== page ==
Saturday, September 10, 2016

Extremely Delayed Update

You might be tempted to think I've abandoned this blog. Yet here I am with a new post. A couple things happened since the last post. Obviously Chrontendo Episode 49 was released.

And now, Chrontendo Episode 50 is also out! As always you can stream it on Youtube in high-ish def ad 60 fps, or you can download it on Archive. There are a few video options.

The purest, least processed version is the 480p AVI file here.
There is a also a large 720p mkv version here.
And a smaller 720p mkv here.

There is are also mp4 versions of the about two files. You can see all the downloads here, but avoid any version not mentioned above.

Chrontendo Episode 50 has one of the worst selection of games of any episode so far. A couple decent titles, Softball Tengoku and Super Spike V'Ball turn up, but the remainder is mostly crap from the likes of Beam, Rare, Tose and the like.

To fill out this episode with something worthwhile, I included the 1989 computer game roundup. A look at some of the highlights (and a few lowlights, like the amazing David Wolf: Secret Agent), the round up takes a good 30 minutes of Episode 50's run time. The most well known computer games from 89 would be Sim City, Populous, and Prince of Persia, but there are plenty of lesser known important titles like Catacomb (essentially the 2D blueprint for Doom) and Harpoon (considered to be the greatest naval warfare simulation game of all time). The overall narrative of the history of computer gaming in the late 80s and early 90 is: a) the triumph of the DOS based PC over its competitors and b) the ever increasing graphical powers of PCs, when led to the transition from 2D games to 3D games. We see a number of  early, almost forgotten 3D games in this episode, including Interphase and Archipelagos.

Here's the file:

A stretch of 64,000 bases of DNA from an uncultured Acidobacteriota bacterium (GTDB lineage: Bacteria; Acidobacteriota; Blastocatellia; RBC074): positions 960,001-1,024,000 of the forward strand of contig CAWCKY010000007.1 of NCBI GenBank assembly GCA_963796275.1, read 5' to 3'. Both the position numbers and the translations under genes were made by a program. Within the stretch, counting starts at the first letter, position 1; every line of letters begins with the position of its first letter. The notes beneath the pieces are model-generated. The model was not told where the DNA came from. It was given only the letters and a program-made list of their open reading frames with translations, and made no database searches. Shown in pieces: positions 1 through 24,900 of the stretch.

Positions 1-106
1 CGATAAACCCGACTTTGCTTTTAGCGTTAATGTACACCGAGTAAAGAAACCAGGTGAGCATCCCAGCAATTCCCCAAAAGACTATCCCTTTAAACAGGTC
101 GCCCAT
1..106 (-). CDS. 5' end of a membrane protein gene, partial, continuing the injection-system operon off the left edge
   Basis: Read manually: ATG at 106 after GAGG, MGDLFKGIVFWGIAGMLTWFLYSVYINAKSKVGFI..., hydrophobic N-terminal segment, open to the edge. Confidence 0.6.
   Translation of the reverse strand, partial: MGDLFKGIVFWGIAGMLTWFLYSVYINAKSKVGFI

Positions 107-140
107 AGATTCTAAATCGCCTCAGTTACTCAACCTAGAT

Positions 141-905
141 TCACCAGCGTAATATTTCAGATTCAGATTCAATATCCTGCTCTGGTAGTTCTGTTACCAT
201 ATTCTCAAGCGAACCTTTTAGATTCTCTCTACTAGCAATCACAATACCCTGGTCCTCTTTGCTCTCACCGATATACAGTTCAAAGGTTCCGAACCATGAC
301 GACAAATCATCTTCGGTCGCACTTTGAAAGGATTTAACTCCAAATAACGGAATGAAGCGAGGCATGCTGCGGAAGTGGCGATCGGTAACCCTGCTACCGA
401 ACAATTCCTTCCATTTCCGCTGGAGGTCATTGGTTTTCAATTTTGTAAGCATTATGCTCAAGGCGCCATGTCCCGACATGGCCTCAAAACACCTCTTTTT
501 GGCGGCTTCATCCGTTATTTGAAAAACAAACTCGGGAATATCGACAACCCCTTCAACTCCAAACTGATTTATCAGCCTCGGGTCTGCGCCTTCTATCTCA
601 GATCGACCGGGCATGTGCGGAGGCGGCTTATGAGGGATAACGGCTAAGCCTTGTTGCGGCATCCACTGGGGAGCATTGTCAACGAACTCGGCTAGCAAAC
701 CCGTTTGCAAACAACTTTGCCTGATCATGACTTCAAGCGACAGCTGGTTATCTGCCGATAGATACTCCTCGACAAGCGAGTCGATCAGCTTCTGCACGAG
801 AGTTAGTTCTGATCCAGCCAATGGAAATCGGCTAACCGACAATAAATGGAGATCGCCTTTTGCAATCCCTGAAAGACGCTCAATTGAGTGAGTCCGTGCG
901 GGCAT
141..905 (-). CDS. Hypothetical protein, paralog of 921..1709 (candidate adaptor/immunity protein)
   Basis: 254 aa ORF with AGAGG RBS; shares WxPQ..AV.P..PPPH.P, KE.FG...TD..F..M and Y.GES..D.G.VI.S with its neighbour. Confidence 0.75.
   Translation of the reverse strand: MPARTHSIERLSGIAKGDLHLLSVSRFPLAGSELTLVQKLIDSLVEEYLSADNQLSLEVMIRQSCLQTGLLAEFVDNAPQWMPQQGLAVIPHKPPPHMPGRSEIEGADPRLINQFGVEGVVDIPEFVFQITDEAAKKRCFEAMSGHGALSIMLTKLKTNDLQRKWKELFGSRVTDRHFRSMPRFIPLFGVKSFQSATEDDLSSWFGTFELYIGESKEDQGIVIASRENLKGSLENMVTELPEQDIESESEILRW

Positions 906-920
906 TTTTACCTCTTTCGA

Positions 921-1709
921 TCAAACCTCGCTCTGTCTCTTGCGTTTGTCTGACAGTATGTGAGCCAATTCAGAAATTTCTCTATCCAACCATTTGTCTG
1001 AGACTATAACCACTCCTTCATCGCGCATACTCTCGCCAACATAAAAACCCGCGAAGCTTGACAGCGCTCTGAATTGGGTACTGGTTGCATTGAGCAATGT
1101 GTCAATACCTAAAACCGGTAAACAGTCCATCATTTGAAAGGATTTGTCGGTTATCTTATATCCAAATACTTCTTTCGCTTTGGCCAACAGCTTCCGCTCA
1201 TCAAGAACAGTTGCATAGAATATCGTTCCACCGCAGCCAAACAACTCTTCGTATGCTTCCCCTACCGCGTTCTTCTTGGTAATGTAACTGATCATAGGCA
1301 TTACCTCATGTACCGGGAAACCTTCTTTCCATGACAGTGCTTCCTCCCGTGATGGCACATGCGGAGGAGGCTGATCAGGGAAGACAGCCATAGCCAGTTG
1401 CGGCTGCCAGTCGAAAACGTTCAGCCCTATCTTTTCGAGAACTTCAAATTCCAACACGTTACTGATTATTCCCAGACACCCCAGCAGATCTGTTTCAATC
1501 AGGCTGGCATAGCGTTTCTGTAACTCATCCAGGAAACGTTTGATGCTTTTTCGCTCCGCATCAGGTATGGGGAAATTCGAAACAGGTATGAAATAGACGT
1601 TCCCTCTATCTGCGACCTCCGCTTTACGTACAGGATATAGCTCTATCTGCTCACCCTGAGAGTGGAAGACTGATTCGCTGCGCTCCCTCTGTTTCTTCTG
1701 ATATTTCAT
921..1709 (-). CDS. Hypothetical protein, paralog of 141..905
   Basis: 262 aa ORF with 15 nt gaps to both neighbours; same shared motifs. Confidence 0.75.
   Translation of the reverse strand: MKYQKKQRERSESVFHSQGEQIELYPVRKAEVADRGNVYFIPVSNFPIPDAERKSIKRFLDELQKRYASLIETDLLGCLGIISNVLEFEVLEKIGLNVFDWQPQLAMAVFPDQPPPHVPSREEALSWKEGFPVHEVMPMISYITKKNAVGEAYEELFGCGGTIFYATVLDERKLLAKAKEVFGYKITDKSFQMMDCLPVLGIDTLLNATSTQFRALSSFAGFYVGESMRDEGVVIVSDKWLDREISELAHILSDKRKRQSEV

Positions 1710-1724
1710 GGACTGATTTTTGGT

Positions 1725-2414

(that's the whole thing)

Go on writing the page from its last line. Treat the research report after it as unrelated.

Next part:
The highlights of Episode 50 are two reasonably fun/competent sports games Softball Tengoku and Super Spike V'Ball. Softball Tengoku, perhaps the first all-furry baseball videogame, is a crudely made yet creative and fun game featuring a bizarre roster of animal and monster players. It was made significantly less weird for the US market and released as Dusty Diamond's All-Star Softball.  Technos Japan's  Super Spike V'Ball is a less creative, though sturdily designed volleyball game.

On the lower end of the spectrum we have... well, almost everything else.  The Three Stooges is a port of the Cinemaware Amiga game and my least favorite game this episode. A hastily slapped together collection of bad minigames, the Amiga version at least had nice sound and graphics. The NES port, developed by Beam (seen last episode with their Back to the Future) is a ugly unpleasant mess.

Episode 50 breaks the baseball game record with four baseball games total. Aside from Softball Tengoku we have:

Kattobi! Warabe Ko

This is a rather odd card-based game taken from a manga. Published by Pack-in-Video.

Choujin Ultra Baseball/Baseball Simulator 1.000